Insurance coverage for vein treatment depends on two key words—medical necessity. Most insurance companies, as well as Medicare, will consider coverage for vein treatment if all of the following criteria are met:
1) Symptoms related to vein disease are present. Acceptable symptoms usually include one of the following:
- Persistent aching, cramping, burning, itching, or swelling
- Spontaneous bleeding from varicosities
- Recurrent episodes of thrombophlebitis
- Venous ulceration of the lower legs
- Stasis dermatitis
2) The symptoms result in one or more of the following:
- Functional impairment that limits activities of daily living (e.g., inability to perform household chores without interruption, interference with essential job functions)
- The need for daily use of analgesics
- Impairment of mobility
3) There is ultrasound evidence of venous reflux in either the great saphenous vein (the vein along the inner thigh) or small saphenous vein (the vein in the back of the calf); and/or there are large varicosities present. The duration of venous reflux in the great saphenous or small saphenous vein must be at least one-half second in duration, and any large varicosities must be at least one-fourth inch or greater in diameter.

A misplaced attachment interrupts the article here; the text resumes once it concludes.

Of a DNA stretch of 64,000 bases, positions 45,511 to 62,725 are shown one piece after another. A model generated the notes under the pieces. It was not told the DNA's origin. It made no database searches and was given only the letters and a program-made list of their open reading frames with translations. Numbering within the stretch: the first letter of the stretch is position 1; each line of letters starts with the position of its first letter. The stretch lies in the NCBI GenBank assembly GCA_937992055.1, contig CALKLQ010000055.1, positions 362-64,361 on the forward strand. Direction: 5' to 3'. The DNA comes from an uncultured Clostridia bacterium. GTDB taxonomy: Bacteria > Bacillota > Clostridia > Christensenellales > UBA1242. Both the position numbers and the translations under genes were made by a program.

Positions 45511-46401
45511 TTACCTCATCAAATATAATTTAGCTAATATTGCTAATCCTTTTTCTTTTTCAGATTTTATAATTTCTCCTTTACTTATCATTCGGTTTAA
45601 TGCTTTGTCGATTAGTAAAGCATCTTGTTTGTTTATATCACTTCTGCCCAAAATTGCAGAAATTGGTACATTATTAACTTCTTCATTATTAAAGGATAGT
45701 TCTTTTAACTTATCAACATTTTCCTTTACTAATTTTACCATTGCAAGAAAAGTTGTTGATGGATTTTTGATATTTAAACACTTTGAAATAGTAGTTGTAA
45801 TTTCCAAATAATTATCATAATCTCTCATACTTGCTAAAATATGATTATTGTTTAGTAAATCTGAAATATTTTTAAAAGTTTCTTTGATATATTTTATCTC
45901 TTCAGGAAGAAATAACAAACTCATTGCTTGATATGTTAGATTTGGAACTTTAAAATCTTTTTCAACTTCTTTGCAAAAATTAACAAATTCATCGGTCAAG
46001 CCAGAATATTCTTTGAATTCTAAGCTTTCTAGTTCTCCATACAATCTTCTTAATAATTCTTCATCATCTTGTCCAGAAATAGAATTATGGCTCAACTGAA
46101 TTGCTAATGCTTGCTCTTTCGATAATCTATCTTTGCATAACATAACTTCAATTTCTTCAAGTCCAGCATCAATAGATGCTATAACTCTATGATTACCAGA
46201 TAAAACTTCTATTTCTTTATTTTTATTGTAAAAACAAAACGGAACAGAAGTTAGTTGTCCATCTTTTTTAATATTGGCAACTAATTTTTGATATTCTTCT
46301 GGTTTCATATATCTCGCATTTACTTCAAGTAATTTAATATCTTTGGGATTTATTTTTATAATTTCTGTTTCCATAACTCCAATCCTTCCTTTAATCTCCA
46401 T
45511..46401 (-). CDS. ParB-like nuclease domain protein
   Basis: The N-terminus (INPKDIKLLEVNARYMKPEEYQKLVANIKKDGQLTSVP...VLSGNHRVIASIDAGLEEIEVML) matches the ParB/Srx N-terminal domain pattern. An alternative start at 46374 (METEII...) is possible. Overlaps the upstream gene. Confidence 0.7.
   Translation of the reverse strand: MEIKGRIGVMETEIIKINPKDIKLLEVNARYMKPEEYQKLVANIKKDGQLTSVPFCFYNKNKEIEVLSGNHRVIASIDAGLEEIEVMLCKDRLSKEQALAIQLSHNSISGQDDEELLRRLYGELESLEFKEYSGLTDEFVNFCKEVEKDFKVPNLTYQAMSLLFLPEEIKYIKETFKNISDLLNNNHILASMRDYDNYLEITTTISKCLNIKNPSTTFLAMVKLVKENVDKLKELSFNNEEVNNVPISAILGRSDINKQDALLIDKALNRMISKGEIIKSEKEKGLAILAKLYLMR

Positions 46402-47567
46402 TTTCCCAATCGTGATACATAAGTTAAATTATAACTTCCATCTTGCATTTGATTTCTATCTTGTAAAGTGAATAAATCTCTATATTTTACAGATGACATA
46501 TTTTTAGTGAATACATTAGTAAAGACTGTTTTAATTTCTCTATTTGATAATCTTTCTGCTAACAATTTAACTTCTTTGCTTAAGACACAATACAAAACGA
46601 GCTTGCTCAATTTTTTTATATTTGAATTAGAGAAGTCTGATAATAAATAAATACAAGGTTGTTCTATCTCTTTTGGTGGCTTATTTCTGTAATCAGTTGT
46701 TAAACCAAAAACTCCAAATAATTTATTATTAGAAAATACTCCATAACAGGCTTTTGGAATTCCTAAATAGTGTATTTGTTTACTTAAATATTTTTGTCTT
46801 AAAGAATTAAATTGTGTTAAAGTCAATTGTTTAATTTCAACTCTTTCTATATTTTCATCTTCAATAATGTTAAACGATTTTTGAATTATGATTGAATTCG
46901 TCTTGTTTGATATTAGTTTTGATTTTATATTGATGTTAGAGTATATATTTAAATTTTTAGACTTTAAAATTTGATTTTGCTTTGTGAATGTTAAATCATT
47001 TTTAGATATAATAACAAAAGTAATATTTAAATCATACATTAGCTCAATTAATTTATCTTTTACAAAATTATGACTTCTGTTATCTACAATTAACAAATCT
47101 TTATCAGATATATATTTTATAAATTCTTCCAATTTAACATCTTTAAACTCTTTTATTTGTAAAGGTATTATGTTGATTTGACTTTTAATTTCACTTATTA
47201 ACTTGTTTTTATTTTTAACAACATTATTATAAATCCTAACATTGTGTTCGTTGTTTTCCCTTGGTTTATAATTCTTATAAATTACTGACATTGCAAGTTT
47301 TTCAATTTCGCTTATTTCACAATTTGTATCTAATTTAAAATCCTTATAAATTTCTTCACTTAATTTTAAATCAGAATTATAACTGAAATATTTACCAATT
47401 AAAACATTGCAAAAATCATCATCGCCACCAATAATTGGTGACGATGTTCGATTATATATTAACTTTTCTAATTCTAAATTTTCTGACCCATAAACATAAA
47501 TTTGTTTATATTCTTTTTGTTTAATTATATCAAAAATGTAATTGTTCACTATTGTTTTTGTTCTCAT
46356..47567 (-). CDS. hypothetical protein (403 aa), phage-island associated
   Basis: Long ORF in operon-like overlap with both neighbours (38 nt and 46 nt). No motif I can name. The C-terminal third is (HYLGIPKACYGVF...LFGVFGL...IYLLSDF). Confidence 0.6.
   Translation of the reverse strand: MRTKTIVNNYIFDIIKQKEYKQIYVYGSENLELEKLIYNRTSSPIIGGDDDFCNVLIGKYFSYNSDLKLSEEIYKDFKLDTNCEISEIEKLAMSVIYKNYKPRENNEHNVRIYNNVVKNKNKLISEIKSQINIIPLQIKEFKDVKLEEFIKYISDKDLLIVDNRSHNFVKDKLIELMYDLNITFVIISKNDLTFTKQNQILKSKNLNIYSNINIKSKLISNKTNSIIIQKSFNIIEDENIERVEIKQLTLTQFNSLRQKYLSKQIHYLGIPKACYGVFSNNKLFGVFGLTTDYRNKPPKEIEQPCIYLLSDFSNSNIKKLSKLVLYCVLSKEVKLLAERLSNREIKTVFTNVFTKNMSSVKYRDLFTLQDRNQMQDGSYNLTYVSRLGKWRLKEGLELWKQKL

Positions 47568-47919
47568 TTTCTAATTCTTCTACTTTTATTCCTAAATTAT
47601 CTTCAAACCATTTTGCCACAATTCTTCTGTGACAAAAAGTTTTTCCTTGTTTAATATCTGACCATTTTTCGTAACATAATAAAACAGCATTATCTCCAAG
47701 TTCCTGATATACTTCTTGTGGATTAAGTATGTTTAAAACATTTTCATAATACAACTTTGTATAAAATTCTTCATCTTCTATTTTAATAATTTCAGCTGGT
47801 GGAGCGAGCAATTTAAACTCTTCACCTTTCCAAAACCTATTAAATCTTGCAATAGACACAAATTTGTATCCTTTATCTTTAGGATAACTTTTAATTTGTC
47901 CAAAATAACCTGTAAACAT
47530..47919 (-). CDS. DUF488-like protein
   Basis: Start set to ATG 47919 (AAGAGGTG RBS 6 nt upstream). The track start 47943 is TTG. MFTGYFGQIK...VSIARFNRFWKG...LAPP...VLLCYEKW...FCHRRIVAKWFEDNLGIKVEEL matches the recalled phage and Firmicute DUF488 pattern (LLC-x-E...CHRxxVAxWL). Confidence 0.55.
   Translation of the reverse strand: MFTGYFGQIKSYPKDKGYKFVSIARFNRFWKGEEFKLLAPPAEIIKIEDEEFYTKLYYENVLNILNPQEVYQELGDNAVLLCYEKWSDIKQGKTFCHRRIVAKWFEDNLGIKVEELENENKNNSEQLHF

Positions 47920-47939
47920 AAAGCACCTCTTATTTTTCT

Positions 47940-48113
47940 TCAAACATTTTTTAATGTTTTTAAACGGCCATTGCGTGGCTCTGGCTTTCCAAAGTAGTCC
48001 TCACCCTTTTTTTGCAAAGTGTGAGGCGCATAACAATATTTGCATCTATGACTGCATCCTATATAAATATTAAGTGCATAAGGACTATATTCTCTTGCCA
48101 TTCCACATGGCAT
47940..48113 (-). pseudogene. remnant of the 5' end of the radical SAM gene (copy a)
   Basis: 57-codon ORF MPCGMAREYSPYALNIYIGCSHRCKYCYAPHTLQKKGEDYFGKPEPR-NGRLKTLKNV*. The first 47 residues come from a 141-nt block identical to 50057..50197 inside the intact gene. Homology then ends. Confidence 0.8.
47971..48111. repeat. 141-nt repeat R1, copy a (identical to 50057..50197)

4) A trial of “conservative therapy” has been completed under the supervision of a physician. This may include one or more of the following:
- Daily use of compression stockings (from six weeks to six months, depending on the insurance company) that did not successfully treat the patient’s symptoms
- Periodic leg elevation several times during the course of the day
- Weight loss
- Avoidance of prolonged immobility
- The use of analgesics or nonsteroidal anti-inflammatory drugs
The criteria tends to vary from one insurance company to another. Reimbursement will be based on the patient’s particular benefits at the time services are rendered. At Willamette Vein Centré we have extensive experience in dealing with insurance company requirements, and have been extremely successful in securing patient’s benefits.
As a general rule, medical insurance does not cover any treatment for cosmetic purposes. An exception to this rule is for specific conditions mandated by law–such as breast reconstruction following cancer surgery. Most medical insurance companies consider spider veins and small, superficial reticular veins (less than one-fourth inch in diameter) to be a purely cosmetic problem.